Number needed to treat is the number of people needed to be treated for one person to be affected. So the data from these studies shows that we have to treat with statin medication somewhere between 169 and 323 people in order to save one person’s life. When stated this way, the benefits of statins seem much less impressive compared to the perceived confidence of an official USPSTF recommendation.

This potential benefit needs to be balanced with the risks of taking this medication:

Gastrointestinal: Diarrhea (7% to 14%)

Neuromuscular & skeletal: Arthralgia (9% to 12%)

Respiratory: Nasopharyngitis (13%)

Cardiovascular: Hemorrhagic stroke (2%)

Central nervous system: Insomnia (5%)

Endocrine & metabolic: Diabetes mellitus (6%)

Gastrointestinal: Nausea (7%), dyspepsia (6%)

Genitourinary: Urinary tract infection (7% to 8%), cystitis (interstitial; Huang 2015)

Hepatic: Increased serum transaminases (≤2%)

Neuromuscular & skeletal: Limb pain (9%), myalgia (4% to 8%), musculoskeletal pain (5%), muscle spasm (4% to 5%)

Respiratory: Pharyngolaryngeal pain (3% to 4%)

<2% (Limited to important or life-threatening): Abdominal pain, abnormal hepatic function tests, alopecia, anaphylaxis, anemia, angioedema, anorexia, cholestasis, cholestatic jaundice, cognitive dysfunction (reversible), confusion (reversible), depression, elevated glycosylated hemoglobin (HbA1c), epistaxis, eructation, erythema multiforme, gynecomastia, hematuria, hepatic failure, hepatitis, hyperglycemia, hypoesthesia, increased creatinine phosphokinase, increased serum alkaline phosphatase, increased serum glucose, jaundice, joint swelling, muscle fatigue, myasthenia, myopathy, myositis, neck stiffness, nightmares, pancreatitis, paresthesia, peripheral edema, peripheral neuropathy, rhabdomyolysis, rupture of tendon, Stevens-Johnson syndrome, thrombocytopenia, toxic epidermal necrolysis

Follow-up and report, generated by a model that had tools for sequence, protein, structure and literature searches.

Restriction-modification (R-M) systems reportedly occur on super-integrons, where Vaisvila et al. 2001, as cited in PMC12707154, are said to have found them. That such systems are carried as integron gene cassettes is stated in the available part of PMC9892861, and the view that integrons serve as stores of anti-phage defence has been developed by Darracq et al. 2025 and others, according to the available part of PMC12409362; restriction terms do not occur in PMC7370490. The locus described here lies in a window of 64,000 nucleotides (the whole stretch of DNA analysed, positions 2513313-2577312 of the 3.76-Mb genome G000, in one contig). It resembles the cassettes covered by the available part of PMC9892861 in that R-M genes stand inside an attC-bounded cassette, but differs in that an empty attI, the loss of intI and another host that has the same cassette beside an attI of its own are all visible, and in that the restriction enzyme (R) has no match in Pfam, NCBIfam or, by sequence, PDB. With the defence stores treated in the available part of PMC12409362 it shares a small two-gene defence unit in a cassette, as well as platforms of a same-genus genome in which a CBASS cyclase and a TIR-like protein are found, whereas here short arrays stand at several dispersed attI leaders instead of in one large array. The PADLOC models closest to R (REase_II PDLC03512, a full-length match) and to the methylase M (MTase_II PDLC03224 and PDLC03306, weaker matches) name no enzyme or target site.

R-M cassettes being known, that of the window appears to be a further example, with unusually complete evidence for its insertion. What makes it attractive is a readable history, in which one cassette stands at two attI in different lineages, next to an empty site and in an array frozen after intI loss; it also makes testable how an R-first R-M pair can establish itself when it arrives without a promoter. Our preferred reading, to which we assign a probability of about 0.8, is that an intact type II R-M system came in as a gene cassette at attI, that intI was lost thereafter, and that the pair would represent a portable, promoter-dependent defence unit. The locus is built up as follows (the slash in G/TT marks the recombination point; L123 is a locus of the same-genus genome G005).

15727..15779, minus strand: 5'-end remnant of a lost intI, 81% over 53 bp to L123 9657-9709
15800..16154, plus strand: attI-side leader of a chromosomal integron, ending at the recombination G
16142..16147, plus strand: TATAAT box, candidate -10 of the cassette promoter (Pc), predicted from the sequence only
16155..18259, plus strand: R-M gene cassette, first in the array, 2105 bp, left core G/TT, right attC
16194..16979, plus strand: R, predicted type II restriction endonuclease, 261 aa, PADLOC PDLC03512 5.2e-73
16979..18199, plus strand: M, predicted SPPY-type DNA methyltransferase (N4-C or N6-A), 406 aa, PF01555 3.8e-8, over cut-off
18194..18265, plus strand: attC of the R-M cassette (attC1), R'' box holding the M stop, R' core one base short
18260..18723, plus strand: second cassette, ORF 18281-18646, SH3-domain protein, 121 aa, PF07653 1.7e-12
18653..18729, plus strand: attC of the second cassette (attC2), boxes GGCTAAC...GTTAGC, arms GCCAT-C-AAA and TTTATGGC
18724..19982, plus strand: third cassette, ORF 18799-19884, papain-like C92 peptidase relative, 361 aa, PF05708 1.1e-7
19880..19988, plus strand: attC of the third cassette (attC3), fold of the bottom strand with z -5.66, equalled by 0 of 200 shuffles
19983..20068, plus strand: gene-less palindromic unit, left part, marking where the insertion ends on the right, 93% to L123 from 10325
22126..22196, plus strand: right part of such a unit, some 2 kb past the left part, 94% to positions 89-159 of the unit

From a biochemical point of view, we know that statin medication inhibit the synthesis of CoQ10 and Vitamin K2.

Coenzyme Q10 is involved in energy production, so they effect heart health as well, as the heart needs to produce a large amount of energy to function. Deficiency causes chest pain, heart failure, and high blood pressure, but also aging, Alzheimer’s and cognitive dysfunction, Parkinson’s, metabolic dysfunction, and diabetes.

Vitamin K2 is involved in calcium regulation, making sure that calcium goes into the bones and away from the heart and blood vessels. Thus, a Vitamin K2 deficiency can contribute to osteoporosis, heart disease, and high blood pressure.

When taking all of this into account and putting everything in perspective the decision is likely not as obvious. This is why each individual person should have an informed discussion with their doctor about the risks and benefits of statins. Together, you will be able to make the decision that is right for you based on your risk and values.

I want to emphasize that I am not anti-medication or anti-statin. I have many patients for whom I strongly believe the benefits of medication outweigh the risks. But what we need to understand as a society is that science is not as certain as we think it is, and despite general recommendations from our government task force, we need to continue to be critical about the scientific literature and continue to make individualized decisions.